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Serial killers: Trauma

Assessing for the 5 things that can kill people emergently when they suffer major trauma


AP Photo/John Minchillo

We often start with a diagnosis and teach from there – we’ve attempted to flip this script with our initial serial killer series, which included chest pain, shortness of breath and altered mental status. However, we concentrated primarily on medical serial killers during those episodes and, honestly, we didn’t include trauma. So, in this episode, we’re going to discuss the trauma serial killers

When people suffer major trauma – what things can kill them emergently?

  1. Hemorrhagic shock
  2. Obstructive shock – Tension PTX/tamponade
  3. Hypoxemia (high C-spine injury)
  4. Closed head injury
  5. DIC

Where to start?

  • En route: always approach trauma calls considering the killer 5 diagnoses first
  • Vitals are vital (don’t forget the ETCO2/shock index/kids will compensate, beware of trauma plus tachycardia in pediactrics)
  • Exam: pupils are overrated! GCS motor is likely more reliable
  • Mind your scene time
  • To care for trauma patients, we must gain control – respect traumatic thrash

This episode includes:

  • Hemorrhage. Think through all the spots blood can hide
  • Obstructive shock. Tension PTX and tamponade
  • Hypoxemia. BVM, SGA or ETT
  • Closed head injury. GCS motor
  • DIC. Don’t forget to warm these patients

Take home points

  • Always expose and control the patient – we can’s assess things we can’t see and it’s impossible to care for a sick trauma patient while wrestling them
  • Less scene time = quicker time to surgeon
  • TXA 2g – while en route
  • Needle T in the fourth ICS AAL
  • Avoid and prevent hypoxia and hypotension in CHI
  • Warm your trauma patients


  1. Childress K, et al. Prehospital End-tidal Carbon Dioxide Predicts Mortality in Trauma Patients. Prehosp Emerg Care. 2018 Mar-Apr;22(2):170-174.
  2. Androski CP Jr, et al. Case Series on 2g Tranexamic Acid Flush From the 75th Ranger Regiment Casualty Database. Journal of Special Operations Medicine : a Peer Reviewed Journal for SOF Medical Professionals. 2020 ;20(4):85-91. 
  3. Taghavi S, et al. An Eastern Association for the Surgery of Trauma multicenter trial examining prehospital procedures in penetrating trauma patients. J Trauma Acute Care Surg. 2021 Jul 1;91(1):130-140. 
  4. Sims CA, et al. Effect of Low-Dose Supplementation of Arginine Vasopressin on Need for Blood Product Transfusions in Patients With Trauma and Hemorrhagic Shock: A Randomized Clinical Trial. JAMA Surg. 2019 Nov 1;154(11):994-1003. 
  5. Kupas DF, et al. Glasgow Coma Scale Motor Component (“Patient Does Not Follow Commands”) Performs Similarly to Total Glasgow Coma Scale in Predicting Severe Injury in Trauma Patients. Ann Emerg Med. 2016 Dec;68(6):744-750.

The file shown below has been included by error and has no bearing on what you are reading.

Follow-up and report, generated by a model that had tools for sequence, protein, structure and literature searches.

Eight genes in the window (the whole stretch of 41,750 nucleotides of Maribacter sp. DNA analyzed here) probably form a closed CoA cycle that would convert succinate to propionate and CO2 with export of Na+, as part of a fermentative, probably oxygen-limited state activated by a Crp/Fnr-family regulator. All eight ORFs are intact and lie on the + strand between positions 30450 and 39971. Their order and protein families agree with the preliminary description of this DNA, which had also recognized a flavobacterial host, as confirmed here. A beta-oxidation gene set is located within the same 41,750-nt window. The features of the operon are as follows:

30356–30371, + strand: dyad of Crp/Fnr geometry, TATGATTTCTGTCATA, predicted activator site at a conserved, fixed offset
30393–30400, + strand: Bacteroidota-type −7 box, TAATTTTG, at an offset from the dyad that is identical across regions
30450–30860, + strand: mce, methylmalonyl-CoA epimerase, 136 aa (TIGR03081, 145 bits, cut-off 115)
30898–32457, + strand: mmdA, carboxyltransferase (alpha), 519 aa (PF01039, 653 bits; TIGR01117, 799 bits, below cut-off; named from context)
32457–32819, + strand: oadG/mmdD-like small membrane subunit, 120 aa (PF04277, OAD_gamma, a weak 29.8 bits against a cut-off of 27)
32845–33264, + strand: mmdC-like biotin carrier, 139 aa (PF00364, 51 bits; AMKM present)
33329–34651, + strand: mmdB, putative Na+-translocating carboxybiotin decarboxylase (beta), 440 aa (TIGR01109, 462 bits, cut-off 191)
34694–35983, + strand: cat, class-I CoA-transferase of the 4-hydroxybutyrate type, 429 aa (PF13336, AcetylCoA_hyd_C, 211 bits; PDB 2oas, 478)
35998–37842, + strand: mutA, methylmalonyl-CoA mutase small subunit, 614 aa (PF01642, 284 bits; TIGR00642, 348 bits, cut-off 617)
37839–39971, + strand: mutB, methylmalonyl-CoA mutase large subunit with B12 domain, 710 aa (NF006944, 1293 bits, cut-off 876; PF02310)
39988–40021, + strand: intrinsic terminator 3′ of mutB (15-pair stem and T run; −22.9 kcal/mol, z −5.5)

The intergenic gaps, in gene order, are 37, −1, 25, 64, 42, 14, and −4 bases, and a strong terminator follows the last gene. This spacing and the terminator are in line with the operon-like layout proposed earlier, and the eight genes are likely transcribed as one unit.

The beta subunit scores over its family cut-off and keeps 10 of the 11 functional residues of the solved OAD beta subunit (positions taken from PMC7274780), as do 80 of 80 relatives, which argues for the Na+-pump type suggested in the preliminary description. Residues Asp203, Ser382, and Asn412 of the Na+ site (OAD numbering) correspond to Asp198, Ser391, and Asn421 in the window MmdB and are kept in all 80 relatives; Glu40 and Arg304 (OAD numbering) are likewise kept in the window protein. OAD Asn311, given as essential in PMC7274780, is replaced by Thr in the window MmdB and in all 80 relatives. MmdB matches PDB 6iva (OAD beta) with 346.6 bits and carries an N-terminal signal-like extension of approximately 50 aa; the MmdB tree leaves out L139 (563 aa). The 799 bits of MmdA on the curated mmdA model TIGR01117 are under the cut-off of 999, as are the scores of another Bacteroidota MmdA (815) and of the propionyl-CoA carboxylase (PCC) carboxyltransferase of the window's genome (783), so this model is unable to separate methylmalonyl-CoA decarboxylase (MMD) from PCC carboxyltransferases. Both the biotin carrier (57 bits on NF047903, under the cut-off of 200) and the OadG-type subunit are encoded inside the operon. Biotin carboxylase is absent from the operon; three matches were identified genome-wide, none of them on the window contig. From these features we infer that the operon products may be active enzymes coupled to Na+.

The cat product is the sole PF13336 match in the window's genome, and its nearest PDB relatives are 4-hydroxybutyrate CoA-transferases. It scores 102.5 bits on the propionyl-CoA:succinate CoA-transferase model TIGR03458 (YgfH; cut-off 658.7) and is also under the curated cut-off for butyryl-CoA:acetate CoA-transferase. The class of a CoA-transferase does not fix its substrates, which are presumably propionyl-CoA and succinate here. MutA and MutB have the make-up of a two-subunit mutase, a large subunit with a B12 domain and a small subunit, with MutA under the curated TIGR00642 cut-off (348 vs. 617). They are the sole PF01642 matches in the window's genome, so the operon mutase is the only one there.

6. Rankin CJ, et al. A review of transfusion- and trauma-induced hypocalcemia: Is it time to change the lethal triad to the lethal diamond? J Trauma Acute Care Surg. 2020 Mar;88(3):434-439. 
  7. Laan DV, et al. Chest wall thickness and decompression failure: A systematic review and meta-analysis comparing anatomic locations in needle thoracostomy. Injury. 2016 Apr;47(4):797-804. 

The MCHD Paramedic Podcast was launched in early 2018 in an effort to provide easily consumable core-content EMS education and insights from prehospital care thought leaders. The Clinical Services Department of The Montgomery County Hospital District EMS service developed the podcast as a tool to better engage and disseminate continuing education to our MCHD medics as well as first responders and EMS professionals nationwide.

Dr. Casey Patrick is the assistant medical director for Montgomery County Hospital District EMS and is a practicing emergency physician in multiple community emergency departments across Greater Houston. His EMS educational focus is on innovative paramedic teaching via the MCHD Paramedic Podcast. Dr. Patrick’s prehospital clinical research involves the investigation of paramedic use of bolus dose intravenous nitroglycerin for acute pulmonary edema and the implementation of lung protective ventilation strategies for intubated EMS patients. Casey and his wife, Alyssa, work and live in Conroe, Texas, and Spokane, Washington. Together they have five children: Mia, Ainsley, Brock, Dean and Will.

Dr. Dickson graduated with honors from the University of Texas Health Science Center San Antonio in 2001 and completed emergency medicine training at Indiana University in 2004. He serves as the EMS medical director at Montgomery County Hospital District EMS and an assistant professor of emergency medicine at Baylor College of Medicine in Houston, Texas. His academic interests include systems of care in stroke and other time-sensitive emergencies, neurologic emergencies and education. He is board certified in emergency medicine in both the U.S. and Australasia, and has subspecialty board certification in EMS medicine. He has authored multiple professional articles and presented at regional, national and international conferences on emergency medicine and EMS topics.